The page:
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Oil Set for Weekly Gain as Commodities Rally on China Rumor

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(Bloomberg) — Oil jumped toward $90 a barrel as commodities and equities in Asia rallied on more speculation that China may ease its Covid restrictions.

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West Texas Intermediate futures rose around 2%, putting crude on track for a second weekly gain, after rumors circulated on social media that China may change its Covid Zero policy. Similar chatter earlier in the week sparked gains across commodity markets and prompted the country’s top health body to say the strategy remains the overall approach to fighting Covid-19.

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Crude has lost almost a third of its value since June as slowdown concerns weighed on demand. Oil futures have swung in a wide arc in recent sessions along with broader market trends and shifts in the dollar. Lackluster trading volumes have also had an impact on volatility.

China’s Covid Zero strategy relies on lockdowns and mass testing to stamp out infections and has weighed heavily on the nation’s economy this year. Bank of China International Ltd. estimates the country’s oil demand will decline by 400,000 barrels a day this year due to virus curbs.

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Investors are also assessing a tightening supply outlook and concerns over a global economic slowdown. The OPEC+ alliance will make sizable cuts to output from this month, which will be followed by European Union sanctions on Russian crude flows from December.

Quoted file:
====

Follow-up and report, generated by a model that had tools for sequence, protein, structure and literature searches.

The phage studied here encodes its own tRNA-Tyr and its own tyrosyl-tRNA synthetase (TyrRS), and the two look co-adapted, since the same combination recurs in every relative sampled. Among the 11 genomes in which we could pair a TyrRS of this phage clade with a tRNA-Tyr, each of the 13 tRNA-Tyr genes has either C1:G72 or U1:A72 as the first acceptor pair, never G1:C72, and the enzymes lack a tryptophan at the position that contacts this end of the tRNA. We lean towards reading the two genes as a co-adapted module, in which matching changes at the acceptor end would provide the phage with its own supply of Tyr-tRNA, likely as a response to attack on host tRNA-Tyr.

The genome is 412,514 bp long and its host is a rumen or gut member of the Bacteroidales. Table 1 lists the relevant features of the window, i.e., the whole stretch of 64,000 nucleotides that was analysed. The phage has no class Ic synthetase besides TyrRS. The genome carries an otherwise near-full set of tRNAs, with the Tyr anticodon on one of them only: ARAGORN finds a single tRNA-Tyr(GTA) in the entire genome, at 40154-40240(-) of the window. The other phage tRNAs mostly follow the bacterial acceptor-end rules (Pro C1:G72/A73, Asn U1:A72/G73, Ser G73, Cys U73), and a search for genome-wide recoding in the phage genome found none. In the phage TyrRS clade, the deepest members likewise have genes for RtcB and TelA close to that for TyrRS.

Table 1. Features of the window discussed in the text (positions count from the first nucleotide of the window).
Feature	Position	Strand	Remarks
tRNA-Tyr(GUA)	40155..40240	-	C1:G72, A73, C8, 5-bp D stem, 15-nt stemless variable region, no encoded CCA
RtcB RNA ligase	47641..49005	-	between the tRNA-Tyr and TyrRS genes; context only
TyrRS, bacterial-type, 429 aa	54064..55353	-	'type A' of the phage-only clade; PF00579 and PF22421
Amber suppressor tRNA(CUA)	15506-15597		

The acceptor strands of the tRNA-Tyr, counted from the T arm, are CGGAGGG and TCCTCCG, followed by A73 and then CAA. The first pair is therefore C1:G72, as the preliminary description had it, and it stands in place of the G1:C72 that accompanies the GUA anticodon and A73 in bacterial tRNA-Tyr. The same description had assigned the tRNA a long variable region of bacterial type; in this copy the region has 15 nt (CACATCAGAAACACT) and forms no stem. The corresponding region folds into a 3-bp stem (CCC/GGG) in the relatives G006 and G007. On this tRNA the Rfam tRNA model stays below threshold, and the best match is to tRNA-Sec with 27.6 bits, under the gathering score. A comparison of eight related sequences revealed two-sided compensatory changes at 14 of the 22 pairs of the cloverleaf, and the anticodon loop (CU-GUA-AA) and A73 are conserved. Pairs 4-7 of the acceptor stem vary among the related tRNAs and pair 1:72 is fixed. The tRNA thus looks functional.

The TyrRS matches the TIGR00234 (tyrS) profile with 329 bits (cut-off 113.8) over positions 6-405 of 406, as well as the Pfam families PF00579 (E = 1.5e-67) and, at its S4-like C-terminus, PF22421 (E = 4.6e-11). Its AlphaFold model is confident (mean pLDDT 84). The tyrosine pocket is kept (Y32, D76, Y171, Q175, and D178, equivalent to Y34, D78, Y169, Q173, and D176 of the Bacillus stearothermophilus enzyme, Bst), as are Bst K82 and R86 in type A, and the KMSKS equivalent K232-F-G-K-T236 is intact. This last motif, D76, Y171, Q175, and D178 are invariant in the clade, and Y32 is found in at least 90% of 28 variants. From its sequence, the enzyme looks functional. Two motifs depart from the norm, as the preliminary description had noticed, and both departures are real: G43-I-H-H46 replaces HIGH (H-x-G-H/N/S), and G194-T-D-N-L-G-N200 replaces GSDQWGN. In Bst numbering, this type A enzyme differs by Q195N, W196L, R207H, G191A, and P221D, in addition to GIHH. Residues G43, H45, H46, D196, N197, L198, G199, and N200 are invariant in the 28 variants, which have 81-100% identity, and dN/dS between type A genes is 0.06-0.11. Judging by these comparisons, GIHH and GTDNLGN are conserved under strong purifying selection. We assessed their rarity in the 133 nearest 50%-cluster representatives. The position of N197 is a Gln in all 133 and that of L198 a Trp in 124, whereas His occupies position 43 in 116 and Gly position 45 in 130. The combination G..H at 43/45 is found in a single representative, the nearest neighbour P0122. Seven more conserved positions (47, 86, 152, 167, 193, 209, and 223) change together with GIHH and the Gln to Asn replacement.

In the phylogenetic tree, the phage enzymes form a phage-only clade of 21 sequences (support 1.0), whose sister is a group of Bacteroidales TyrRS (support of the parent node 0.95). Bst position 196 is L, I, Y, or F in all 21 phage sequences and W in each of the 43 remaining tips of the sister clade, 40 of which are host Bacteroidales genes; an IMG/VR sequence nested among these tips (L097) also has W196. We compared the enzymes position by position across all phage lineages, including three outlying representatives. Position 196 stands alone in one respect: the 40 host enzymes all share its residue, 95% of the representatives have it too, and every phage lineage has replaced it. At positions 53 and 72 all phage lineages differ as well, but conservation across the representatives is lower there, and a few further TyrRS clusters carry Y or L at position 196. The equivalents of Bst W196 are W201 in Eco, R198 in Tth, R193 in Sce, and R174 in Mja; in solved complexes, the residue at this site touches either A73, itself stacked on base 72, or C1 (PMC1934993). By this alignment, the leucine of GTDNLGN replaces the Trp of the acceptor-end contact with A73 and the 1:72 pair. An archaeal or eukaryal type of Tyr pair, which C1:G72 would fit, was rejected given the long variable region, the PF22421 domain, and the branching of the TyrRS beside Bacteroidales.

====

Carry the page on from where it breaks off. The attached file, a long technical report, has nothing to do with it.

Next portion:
European Central Bank President Christine Lagarde said that a “mild recession” was possible following more rate hikes from the Federal Reserve and the Bank of England. Saudi Arabia has also trimmed its oil prices for December sales to Asia, highlighting some concern over the outlook for demand. The kingdom sells most of its crude under long-term contracts to the region.

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The US and its partners agreed to set a price cap on Russian crude at a fixed level, but it’s not yet clear at what level it will be set, according to officials familiar with the matter. The mechanism has been championed by the US and is designed to cut Moscow’s energy revenues after its invasion of Ukraine.

The “overstated” discounts of Russian crude against benchmark prices means the US and its allies may need to set a higher price cap for it to be effective, according to Goldman Sachs Group Inc. Meanwhile, the UK Treasury said it will prohibit the provision of insurance, brokerage and shipping services when EU sanctions take effect unless Russian oil is bought at or below the cap.

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